Dysmenorrhea (menstrual pain)

A German study published in the American Journal of Obstetrics and Gynaecology found that women treated with acupuncture for period pain had "significant improvements in pain intensity and quality of life compared to patients who received routine care alone", and added that "acupuncture treatment was associated with better quality of life". The main acupuncture point for such pain is found on the inside of the leg below the knee and is known as "Earth pivot".
A wider review published by the Cochrane library in 2007 found that Chinese herbs, particularly when they were individually tailored to the patient, "resulted in significant improvements in pain relief, overall symptoms and use of additional medication when compared to use of pharmaceutical drugs". The reviewers felt that there was "promising evidence for the use of Chinese herbal medicine in reducing menstrual pain in the treatment of primary dysmenorrhoea compared to conventional medicine". They also noted that they did not identify any significant adverse effects. This is another example of the best results being obtained when prescriptions are given specifically for individuals rather than using a general prescription.


A study published in the journal Acupuncture in Medicine concluded that "acupuncture was successful in reducing menopausal complaints". In particular "the severity of hot flushes was found to be significantly decreased". The researchers also measured the levels of oestradoil, which is the most potent natural oestrogen and which is sometimes prescribed for menopausal symptoms. They found that after acupuncture the oestradoil levels were "significantly higher".
One of the western herbs that is sometimes taken to alleviate menopausal symptoms is black cohosh. The Chinese name for this is sheng ma, and the first reference to its use in Chinese literature was as long ago as the sixth century. Its main use in Chinese medicine would be to treat the early stages of measles or a cold with headache, however long term use or high doses should be avoided (in very high doses it can be dangerous). A Chinese herbal prescription for menopausal problems would depend on the specific symptoms of each person. It would be unlikely to include sheng ma, but one of the likely herbs is called shu di huang (Chinese foxglove root). This is prepared by mixing with rice wine, steaming and then drying in the sun, which makes it sweeter and more nourishing. An old Chinese classic advises that it should be used "whenever there is internal injury or insufficiency, excessive mental or emotional activity that exhausts the spirit, or continual worry...".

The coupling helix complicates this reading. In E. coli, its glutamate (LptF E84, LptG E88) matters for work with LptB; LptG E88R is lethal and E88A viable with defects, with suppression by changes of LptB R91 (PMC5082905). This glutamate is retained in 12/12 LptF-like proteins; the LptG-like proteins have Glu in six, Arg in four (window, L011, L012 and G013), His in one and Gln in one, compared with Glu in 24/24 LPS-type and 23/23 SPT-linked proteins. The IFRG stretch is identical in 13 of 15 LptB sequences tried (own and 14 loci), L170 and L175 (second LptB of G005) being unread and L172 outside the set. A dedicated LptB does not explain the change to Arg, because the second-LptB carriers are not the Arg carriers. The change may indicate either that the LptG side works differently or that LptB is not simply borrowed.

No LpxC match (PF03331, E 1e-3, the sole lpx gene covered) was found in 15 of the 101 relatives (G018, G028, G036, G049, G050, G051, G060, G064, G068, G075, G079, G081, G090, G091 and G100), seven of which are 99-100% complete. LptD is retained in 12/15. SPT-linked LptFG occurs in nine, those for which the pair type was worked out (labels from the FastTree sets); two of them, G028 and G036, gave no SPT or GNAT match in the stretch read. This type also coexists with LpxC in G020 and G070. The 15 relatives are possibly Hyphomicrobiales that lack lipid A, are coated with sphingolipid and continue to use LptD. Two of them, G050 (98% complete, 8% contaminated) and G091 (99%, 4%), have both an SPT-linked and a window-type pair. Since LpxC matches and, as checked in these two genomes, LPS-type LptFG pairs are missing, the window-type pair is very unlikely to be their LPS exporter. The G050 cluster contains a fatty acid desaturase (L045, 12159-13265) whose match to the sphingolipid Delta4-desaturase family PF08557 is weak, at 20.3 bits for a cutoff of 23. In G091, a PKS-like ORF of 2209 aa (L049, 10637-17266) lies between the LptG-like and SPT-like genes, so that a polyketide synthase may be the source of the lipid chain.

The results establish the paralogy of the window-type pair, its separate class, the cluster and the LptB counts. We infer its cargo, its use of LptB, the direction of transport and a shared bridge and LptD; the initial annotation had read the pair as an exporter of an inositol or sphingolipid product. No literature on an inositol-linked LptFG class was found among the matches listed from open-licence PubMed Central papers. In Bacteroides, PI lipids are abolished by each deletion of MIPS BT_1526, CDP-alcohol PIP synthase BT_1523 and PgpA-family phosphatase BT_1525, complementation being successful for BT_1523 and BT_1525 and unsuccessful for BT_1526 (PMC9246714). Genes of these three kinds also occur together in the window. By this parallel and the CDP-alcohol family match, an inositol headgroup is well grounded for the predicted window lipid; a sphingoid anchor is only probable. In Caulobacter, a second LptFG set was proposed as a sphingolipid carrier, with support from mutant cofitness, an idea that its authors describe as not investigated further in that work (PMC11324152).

Endometriosis can cause pain, irregular periods and infertility. A review of Chinese trials found that after surgery to remove abnormal tissue, treatment with Chinese herbs was as effective as a pharmaceutical drug in one trial and more effective in another. Importantly, in both trials the use of herbs was associated with fewer side effects than pharmaceutical drugs.


The earliest known Chinese book dedicated entirely to obstetrics, the "Treasure of Obstetrics", was compiled around 850 AD, a time when England was being invaded by the Vikings. It included discussions on morning sickness, bleeding, miscarriage and postnatal diseases, as well as herbal prescriptions for promoting labour.

Gerard Wherity is a fully qualified member of the British Acupuncture Council and the Register of Chinese Herbal Medicine. He practises in the Poole and Bournemouth area.

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Lime flower photograph by Kilian (source).